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CONDUCTIVITY

Conductivity
Superconductivity
Electronic Properties
Robert M Rose, Lawrence A Shepart, John Wulff
Wiley Eastern Limited, New Delhi (1987)
Resistivity range in Ohm m 25 orders of magnitude
10
-9
10
-7
10
-5
10
-3
10
-1
10
-1
10
3
Ag
Cu Al
Au
Ni
Pb
Sb Bi
Graphite
Ge
(doped)
Ge Si
10
5
10
7
10
9
10
11
10
13
10
15
10
17
Window
glass
Ionic
conductiv
ity
Bakelite
Porcelain
Diamond
Rubber
Polyethyl
ene
Lucite
Mica
PVC
SiO
2

(pure)
Metallic materials
Insulators
Semi-conductors
A
L
R =
Classification
based on
Conductivity
Semi-metals
Semi-conductors
Metals
Insulators
Free Electron Theory
Outermost electrons of the atoms take part in conduction
These electrons are assumed to be free to move through the whole solid
Free electron cloud / gas, Fermi gas
Potential field due to ion-cores is assumed constant
potential energy of electrons is not a function of the position
(constant negative potential)
The kinetic energy of the electron is much lower than that of bound
electrons in an isolated atom
Wave particle duality of electrons
mv
h
=
de Broglie wavelength
v velocity of the electrons
h Plancks constant
( )
m
v
x
v kg x
s J x
4
31
34
10 27 . 7
10 109 . 9
10 62 . 6

= =
Wave number vector (k)

t 2
= k

2
2
1
mv E =
Non relativistic
m
k h
E
2
2 2
8t
=
m
k h
E
2
2 2
8t
=
k E
E


k
Discrete energy levels
(Paulis exclusion principle)
If the length of the box is L
L n =
2

n integer (quantum number)


2
2 2
8mL
h n
E =
L
n
k
t
=
Number of electrons moving from left to right
equals the number in the opposite direction
Electron in an 1D box
L
Quantization of Energy
levels
( )
2 2 2
2
2
8
z y x
n n n
mL
h
E + + =
In 3D
Each combination of the quantum numbers n
x
, n
y
, n
z
corresponds to
to a distinct quantum state
Many such quantum states have the same energy and said to be degenerate
The probability of finding an electron at any point in box is proportional
to the square of the amplitude there are peaks and valleys within L
If the electron wave is considered as a travelling wave the amplitude will be
constant
Fermi level
At zero K the highest filled energy level (E
F
) is called the Fermi level
If E
F
is independent of temperature (valid for usual temperatures)
Fermi level is that level which has 50% probability of occupation
by an electron
T > 0 K
(


+
=
kT
E E
E P
F
exp 1
1
) (
P
(
E
)


E
1
F
E
0K
0
Conduction by free electrons
If there are empty energy states above the Fermi level then in the presence
of an electric field there is a redistribution of the electron occupation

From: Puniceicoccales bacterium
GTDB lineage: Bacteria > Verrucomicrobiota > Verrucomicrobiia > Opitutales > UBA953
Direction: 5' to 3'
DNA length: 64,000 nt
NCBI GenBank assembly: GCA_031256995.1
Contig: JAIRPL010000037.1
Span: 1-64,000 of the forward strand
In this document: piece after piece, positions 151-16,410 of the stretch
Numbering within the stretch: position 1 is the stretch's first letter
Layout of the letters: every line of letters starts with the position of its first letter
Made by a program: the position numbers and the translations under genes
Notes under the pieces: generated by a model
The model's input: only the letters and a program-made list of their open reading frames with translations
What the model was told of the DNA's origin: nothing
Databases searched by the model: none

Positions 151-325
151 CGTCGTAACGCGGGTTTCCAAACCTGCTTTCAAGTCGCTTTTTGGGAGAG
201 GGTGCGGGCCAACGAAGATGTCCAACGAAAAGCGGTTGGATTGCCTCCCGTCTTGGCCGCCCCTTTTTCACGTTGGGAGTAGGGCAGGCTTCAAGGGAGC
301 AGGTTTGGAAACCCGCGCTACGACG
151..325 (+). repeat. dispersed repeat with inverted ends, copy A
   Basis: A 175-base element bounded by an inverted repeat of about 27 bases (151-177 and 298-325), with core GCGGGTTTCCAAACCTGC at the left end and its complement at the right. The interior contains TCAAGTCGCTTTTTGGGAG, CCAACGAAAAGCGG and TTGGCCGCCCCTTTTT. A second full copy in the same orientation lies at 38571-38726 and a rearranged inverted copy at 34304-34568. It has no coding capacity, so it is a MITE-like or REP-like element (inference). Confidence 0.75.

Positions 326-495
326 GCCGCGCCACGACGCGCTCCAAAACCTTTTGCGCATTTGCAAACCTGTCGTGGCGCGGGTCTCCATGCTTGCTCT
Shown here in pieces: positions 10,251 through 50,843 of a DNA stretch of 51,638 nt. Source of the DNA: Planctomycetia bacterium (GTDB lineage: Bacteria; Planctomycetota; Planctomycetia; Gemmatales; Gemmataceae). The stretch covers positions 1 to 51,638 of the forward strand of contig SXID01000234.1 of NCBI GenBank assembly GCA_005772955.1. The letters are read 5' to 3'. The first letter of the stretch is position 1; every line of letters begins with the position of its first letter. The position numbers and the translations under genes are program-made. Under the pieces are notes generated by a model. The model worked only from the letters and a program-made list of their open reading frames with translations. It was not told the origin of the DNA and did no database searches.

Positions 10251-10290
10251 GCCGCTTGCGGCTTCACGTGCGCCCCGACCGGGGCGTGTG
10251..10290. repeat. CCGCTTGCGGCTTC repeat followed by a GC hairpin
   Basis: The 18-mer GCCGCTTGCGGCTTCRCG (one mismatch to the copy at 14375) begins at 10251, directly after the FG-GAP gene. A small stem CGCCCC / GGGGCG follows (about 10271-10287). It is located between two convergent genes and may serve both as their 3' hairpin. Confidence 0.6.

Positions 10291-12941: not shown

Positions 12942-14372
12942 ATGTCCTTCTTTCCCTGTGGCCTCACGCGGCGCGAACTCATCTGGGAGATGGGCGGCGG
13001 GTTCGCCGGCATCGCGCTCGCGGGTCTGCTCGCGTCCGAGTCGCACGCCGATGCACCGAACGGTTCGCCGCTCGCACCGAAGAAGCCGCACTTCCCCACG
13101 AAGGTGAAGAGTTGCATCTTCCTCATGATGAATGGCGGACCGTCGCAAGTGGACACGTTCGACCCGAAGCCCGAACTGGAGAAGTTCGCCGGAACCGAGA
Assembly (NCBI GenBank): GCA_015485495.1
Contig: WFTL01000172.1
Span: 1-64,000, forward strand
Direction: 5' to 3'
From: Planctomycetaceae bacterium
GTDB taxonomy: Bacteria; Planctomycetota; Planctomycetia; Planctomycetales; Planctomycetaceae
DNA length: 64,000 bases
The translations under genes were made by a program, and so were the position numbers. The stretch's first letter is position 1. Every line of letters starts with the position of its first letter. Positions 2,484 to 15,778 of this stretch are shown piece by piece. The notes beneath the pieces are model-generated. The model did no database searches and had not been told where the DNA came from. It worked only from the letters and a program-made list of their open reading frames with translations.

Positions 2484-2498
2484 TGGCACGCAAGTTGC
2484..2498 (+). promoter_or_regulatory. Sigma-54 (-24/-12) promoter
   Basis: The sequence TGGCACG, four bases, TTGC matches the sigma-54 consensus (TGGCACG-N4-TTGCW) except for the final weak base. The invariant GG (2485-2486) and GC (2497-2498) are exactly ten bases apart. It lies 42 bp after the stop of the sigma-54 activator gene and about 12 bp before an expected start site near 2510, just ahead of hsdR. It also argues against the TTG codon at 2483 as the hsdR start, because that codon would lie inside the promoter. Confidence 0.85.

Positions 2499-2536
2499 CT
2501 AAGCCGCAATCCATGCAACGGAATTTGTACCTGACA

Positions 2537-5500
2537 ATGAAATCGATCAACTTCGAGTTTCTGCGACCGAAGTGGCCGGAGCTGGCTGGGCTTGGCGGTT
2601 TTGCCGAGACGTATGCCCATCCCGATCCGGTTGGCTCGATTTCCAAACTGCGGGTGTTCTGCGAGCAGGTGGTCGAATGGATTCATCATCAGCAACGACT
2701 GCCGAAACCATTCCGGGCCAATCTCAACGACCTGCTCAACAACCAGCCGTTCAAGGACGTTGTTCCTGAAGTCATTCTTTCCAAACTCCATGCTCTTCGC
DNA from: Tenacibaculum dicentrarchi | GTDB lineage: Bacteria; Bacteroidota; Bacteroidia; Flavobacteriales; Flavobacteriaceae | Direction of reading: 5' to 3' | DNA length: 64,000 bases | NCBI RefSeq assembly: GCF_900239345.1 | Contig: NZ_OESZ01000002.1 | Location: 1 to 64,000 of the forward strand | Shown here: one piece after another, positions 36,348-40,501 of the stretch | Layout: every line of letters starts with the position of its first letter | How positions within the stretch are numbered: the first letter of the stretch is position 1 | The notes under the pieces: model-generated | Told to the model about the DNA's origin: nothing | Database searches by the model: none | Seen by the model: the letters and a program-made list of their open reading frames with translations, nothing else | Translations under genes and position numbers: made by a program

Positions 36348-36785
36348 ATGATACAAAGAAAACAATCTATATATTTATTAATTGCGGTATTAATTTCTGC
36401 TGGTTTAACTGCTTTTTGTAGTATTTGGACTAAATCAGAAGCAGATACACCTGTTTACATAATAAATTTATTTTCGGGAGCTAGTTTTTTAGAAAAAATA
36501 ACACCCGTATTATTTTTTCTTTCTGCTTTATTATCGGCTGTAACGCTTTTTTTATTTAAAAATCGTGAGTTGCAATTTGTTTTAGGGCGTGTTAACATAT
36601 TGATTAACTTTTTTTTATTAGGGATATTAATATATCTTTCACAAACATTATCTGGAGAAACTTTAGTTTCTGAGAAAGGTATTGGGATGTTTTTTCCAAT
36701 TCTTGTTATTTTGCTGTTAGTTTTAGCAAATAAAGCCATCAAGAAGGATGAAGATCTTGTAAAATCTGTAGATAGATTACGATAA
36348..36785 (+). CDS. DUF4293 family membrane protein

of the energy levels
E


k k
| | | | +
Field
E
F

E
F

Electric
Field
e E ma F

= =
Force experienced by an electron
m mass of an electron
E applied electric field
V
e
l
o
c
i
t
y


time
v
d

Collisions
t
In the presence of the field the electron velocity increases by an amount
(above its usual velocity) by an amount called the drift velocity
The velocity is lost on collision with obstacles
e E
v
m F
d

=
|
.
|

\
|
=
t
v
d
Drift velocity
t Average collision time
m
e E
v
d
t

=
The flux due to flow of electrons Current density (J
e
)
m
E e n
v e n J
d e

t
2
= =
n number of free electrons
(E) gradient potential unit
(J Flux
) ( ty Conductivi
e
)
= o
E J
e
o =
m
e n t
o
2
=
(

=
(

m
V

m Ohm
1
m
Amp
2
IR V =
| | Amp
Ohm
V
=
(

=
(

2
1
m Ohm
V
m
Amp
2
~ Ohms law
Mean free path (MFP) (l) of an electron
l = v
d
t
The mean distance travelled by an electron between successive collisions
For an ideal crystal with no imperfections (or impurities) the MFP
at 0 K is
Ideal crystal there are no collisions and the conductivity is
Scattering centres MFP , t o ,
Scattering centres
Sources of
Electron Scattering
Solute / impurity atoms
Defects
Thermal vibration Phonons
Grain boundaries
Dislocations
Etc.
Thermal scattering
At T > 0K atomic vibration scatters electrons Phonon scattering
T o
Low T
MFP 1 / T
3

t 1 / T
3

High T
MFP 1 / T
t 1 / T
Impurity scattering
Resistivity of the alloy is higher than that of the pure metal at all T
The increase in resistivity is the amount of alloying element added !
R
e
s
i
s
t
i
v
i
t
y

(

)

[
x

1
0
-
8

O
h
m

m
]


T (K)
Cu-Ni alloy
100
200 300
1
2
3
4
5
Cu-2%Ni
Cu-3%Ni
0 as T 0K
With low density of
imperfections
Pure Cu
Increased phonon scattering
Impurity scattering (
r
)
Mattheissen rule
=
T
+
r
Net resistivity =
Thermal resistivity + Resistivity due to impurity scattering

Conductors
Power transmission lines low I
2
R loss large cross sectional area
Al used for long distance distribution lines
(Elastic Modulus
Al
increased by steel reinforcement)
OFHC (Oxygen Free High Conductivity) Cu (more expensive) is used for
distribution lines and busbars.
Fe, P, As in Cu degrade conductivity drastically